I was anxious to get the Frank English house underway, but each week when we returned to pick up the Council plans we were put off for some reason or other. We decided not to wait on officialdom, but rather to get on with the making of bricks, the pouring of the footings, and the erecting of the walls. We felt that the passive Council and the sleepy valley would finally come good. Sonia's workforce consisted of Larry Stevens, Gordon Ford, and Tony Jackson - three returned servicemen who had not yet got down to the task of deciding on a permanent postwar occupation. They regarded the building of the English house as a halfway stage between a holiday and a part-time health cure. One could hardly blame them. The going rates of pay were about £1 a day. Larry Stevens prided himself on his resemblance to a poor-man's Humphrey Bogart, an attribute he highlighted by imitating Bogart's speaking voice and frequently asking anyone in his presence, 'Why do they always call me "Humph"?' There was also a hint of the Bogart acting image in his lifestyle. He often talked about scientific 'geezers' from America who were developing new ways of earning a living, from which he intended to profit. One of these schemes was to become a beachcomber in Queensland and seek for 'farsils', which these geezers would buy at a high price. Tony Jackson was of English extraction, and he had some sort of sailing experience. He had also been Pauline Ralston's boyfriend before she married Gordon Ford, the third labourer at around his period. Tony was equally unpredictable in his nature, and his humour and association with the beautiful Pauline had been marked by turbulence and passion to a degree rarely before reported in Eltham's gentle history. The third member of the building team was Gordon Ford, who had served in New Britain during the war; like many other island servicemen, he had suffered some sense of the social disturbance those tropical jungles can so easily produce. He was highly intelligent, brilliantly funny, and a wonderful foil to Tony's vitriolic barbs and Larry's dreams of easy financial security. Their knowledge of building construction was very limited, but the house was simple in design and Sonia was able to keep some sense of order and development.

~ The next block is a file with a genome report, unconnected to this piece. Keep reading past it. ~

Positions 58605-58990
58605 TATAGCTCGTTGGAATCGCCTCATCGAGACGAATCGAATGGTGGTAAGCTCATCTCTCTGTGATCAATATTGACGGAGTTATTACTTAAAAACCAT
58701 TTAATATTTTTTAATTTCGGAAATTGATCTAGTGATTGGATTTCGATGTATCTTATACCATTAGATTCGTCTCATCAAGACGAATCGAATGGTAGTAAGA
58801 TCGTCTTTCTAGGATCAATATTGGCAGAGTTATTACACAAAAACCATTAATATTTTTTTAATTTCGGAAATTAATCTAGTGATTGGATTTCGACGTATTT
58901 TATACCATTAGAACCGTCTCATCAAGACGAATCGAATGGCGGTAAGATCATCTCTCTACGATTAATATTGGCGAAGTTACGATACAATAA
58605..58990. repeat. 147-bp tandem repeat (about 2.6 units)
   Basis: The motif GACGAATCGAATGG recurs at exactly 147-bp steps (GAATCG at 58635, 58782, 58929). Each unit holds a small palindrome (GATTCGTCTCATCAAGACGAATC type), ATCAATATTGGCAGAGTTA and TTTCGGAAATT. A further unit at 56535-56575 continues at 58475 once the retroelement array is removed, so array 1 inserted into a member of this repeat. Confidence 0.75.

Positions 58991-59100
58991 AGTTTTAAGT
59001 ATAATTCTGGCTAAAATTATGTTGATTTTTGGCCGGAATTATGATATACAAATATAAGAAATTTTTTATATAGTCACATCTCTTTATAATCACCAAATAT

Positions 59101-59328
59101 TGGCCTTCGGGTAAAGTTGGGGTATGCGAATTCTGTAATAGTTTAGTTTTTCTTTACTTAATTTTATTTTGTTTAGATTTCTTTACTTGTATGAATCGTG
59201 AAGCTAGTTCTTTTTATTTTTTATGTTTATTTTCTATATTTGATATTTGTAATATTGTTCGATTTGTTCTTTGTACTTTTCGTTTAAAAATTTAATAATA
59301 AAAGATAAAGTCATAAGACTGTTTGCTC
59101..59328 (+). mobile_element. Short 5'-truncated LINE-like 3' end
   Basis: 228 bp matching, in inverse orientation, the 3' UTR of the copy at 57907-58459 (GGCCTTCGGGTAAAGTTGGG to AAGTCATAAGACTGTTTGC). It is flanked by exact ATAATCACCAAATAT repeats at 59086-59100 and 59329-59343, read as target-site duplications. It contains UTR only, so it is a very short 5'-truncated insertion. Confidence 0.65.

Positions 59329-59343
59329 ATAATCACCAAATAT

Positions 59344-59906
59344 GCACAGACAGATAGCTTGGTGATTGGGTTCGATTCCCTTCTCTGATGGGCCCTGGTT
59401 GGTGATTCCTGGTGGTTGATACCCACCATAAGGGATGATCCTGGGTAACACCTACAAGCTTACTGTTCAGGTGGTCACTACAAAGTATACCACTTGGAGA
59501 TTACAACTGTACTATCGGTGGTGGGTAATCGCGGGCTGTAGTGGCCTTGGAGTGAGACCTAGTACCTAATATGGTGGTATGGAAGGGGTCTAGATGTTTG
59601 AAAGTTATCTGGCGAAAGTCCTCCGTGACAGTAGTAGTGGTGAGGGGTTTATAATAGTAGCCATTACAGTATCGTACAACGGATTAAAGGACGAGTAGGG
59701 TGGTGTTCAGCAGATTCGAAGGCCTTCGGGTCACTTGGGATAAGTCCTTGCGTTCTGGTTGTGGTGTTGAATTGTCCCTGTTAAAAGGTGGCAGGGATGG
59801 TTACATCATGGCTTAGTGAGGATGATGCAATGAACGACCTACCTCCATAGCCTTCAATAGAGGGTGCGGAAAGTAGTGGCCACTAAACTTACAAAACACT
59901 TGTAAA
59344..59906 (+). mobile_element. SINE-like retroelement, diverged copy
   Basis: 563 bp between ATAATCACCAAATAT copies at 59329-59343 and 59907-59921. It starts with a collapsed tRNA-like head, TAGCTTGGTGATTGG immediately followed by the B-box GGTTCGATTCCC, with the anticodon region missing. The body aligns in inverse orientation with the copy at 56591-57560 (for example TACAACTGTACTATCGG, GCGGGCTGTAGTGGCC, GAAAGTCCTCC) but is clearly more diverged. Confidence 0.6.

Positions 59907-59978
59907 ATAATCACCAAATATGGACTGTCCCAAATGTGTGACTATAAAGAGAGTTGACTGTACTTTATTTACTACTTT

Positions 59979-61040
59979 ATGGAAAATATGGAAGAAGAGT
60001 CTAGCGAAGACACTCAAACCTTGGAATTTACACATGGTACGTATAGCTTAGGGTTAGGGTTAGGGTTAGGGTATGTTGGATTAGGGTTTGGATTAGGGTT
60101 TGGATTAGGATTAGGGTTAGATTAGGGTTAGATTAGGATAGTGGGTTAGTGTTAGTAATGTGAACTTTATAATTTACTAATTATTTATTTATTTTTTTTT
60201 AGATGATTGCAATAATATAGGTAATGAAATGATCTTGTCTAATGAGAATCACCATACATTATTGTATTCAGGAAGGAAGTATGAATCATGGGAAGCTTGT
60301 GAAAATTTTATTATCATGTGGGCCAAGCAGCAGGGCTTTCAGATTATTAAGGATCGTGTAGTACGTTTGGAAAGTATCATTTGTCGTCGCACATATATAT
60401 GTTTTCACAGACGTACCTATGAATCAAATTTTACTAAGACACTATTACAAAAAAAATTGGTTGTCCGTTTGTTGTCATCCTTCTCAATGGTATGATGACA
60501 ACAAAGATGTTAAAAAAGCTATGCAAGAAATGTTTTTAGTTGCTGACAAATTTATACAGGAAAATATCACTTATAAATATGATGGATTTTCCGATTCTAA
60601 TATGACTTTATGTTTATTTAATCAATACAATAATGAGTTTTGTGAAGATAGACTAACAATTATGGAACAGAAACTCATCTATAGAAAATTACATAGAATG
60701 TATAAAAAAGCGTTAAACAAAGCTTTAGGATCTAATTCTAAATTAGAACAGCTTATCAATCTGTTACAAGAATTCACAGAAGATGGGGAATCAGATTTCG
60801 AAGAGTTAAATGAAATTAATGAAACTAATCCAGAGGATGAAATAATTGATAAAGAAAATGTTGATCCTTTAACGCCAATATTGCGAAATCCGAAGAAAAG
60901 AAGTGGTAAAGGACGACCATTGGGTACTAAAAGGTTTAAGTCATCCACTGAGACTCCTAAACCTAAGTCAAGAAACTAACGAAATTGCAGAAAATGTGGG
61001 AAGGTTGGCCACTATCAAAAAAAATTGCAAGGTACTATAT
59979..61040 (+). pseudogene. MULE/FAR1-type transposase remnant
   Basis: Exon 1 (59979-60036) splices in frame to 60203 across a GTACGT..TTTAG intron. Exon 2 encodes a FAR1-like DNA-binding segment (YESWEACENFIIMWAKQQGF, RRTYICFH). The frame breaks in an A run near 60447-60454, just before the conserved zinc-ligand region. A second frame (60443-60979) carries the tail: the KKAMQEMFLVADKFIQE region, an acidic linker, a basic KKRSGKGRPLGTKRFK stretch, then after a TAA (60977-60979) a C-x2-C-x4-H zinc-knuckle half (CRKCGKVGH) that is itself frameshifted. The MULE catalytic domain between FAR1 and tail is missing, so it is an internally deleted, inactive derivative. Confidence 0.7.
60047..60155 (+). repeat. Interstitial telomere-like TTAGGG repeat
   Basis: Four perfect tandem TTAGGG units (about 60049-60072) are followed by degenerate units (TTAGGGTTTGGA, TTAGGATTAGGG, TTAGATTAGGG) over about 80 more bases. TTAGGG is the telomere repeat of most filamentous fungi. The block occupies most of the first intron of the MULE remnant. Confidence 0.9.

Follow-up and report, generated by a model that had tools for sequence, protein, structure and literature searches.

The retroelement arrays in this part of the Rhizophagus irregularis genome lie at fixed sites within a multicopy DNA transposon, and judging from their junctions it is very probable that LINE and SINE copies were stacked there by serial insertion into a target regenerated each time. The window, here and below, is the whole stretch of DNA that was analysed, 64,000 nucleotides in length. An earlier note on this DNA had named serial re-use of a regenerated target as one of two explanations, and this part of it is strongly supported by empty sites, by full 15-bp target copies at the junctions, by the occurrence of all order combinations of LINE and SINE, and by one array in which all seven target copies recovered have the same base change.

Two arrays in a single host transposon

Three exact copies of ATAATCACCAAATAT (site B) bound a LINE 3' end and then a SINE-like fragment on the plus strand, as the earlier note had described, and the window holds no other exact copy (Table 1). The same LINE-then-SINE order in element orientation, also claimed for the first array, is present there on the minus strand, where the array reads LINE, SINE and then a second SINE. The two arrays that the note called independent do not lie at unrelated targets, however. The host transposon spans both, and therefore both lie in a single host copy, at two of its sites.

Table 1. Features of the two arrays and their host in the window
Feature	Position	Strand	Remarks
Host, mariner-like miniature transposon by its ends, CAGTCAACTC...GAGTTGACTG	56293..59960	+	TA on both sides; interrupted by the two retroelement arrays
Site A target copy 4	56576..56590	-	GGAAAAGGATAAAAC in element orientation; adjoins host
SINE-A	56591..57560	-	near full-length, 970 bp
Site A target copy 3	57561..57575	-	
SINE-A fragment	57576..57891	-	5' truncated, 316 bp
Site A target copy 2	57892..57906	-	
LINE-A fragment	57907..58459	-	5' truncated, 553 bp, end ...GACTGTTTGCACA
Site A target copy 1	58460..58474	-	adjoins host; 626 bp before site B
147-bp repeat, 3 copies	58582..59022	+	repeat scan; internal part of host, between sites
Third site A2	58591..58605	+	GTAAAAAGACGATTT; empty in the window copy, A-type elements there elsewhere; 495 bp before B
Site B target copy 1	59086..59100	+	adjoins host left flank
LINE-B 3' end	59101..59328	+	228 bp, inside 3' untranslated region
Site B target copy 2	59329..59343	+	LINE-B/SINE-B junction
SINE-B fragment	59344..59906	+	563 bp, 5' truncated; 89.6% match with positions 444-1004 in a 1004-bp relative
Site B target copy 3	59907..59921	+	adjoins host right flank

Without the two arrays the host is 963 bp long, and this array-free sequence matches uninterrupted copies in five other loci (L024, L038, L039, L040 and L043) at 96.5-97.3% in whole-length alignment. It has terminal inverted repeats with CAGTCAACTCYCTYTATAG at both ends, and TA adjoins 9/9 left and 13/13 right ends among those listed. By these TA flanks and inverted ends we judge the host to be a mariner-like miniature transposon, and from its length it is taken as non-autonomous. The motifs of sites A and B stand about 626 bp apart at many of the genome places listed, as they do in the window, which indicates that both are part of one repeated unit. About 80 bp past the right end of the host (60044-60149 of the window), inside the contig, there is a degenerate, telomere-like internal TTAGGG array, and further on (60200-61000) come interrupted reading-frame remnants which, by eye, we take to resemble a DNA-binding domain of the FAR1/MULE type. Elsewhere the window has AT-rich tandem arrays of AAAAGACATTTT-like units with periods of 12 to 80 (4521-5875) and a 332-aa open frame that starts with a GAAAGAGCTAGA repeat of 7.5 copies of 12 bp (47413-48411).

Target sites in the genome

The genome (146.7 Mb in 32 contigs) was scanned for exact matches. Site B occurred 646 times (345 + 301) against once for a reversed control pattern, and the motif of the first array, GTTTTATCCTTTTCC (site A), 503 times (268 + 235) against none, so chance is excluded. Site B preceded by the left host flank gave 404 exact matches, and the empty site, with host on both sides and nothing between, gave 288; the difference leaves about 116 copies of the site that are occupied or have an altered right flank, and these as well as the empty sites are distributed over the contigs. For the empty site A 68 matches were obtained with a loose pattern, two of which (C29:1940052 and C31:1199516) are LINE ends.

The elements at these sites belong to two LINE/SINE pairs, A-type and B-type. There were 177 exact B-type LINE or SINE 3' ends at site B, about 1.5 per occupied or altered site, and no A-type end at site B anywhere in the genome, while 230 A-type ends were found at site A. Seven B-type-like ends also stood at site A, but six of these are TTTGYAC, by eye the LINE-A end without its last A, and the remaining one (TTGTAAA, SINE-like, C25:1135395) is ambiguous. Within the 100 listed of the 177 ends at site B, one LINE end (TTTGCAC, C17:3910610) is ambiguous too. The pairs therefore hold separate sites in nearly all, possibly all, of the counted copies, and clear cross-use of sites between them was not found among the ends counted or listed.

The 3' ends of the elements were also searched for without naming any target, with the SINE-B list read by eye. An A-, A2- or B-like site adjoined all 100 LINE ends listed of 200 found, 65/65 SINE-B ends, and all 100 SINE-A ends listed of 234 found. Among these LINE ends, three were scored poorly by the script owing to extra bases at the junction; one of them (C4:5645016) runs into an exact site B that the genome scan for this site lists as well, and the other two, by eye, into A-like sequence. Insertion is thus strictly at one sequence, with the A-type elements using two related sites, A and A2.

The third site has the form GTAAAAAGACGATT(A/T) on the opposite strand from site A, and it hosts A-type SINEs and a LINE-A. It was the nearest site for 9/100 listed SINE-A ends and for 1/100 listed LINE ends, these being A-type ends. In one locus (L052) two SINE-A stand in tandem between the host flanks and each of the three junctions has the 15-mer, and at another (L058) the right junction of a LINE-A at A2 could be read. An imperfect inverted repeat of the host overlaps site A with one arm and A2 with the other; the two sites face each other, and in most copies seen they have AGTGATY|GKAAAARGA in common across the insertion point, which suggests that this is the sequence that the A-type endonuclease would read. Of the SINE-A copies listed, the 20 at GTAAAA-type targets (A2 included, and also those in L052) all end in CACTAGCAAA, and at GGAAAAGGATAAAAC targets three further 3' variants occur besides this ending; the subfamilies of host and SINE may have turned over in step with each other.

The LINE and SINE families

The first mud brick building, 1947. Left to Right: L.Mayfield, carpenter; Sonia Skipper; Alistair Knox; Tony Jackson; Gordon Ford"
Sonia used to ride her horse Sherry to the site every day, in the manner of a squatter's wife overseeing the station hands at work on the new homestead; but she was, through her Montsalvat experience, nobody's fool when it came to practical building. Gordon and Tony lived locally on Gordon's land in the Eltham village, but Larry was an outsider and decided to pitch a tent and live on the building site because it was cheap and saved travelling. He would have thought it too un-Bogartish to display too much interest in labouring work, so he retained casual starting and finishing times, particularly if he had had a 'skinfull' the night before. Eltham was a place of much silence in those immediate postwar years, which enabled Larry to slumber on well into the morning if he so wished. But as soon as the footfalls of a horse cantering up the hill were heard, Larry was outside wielding his pick or shovel within ten seconds to persuade Sonia that he had been at it since eight o'clock.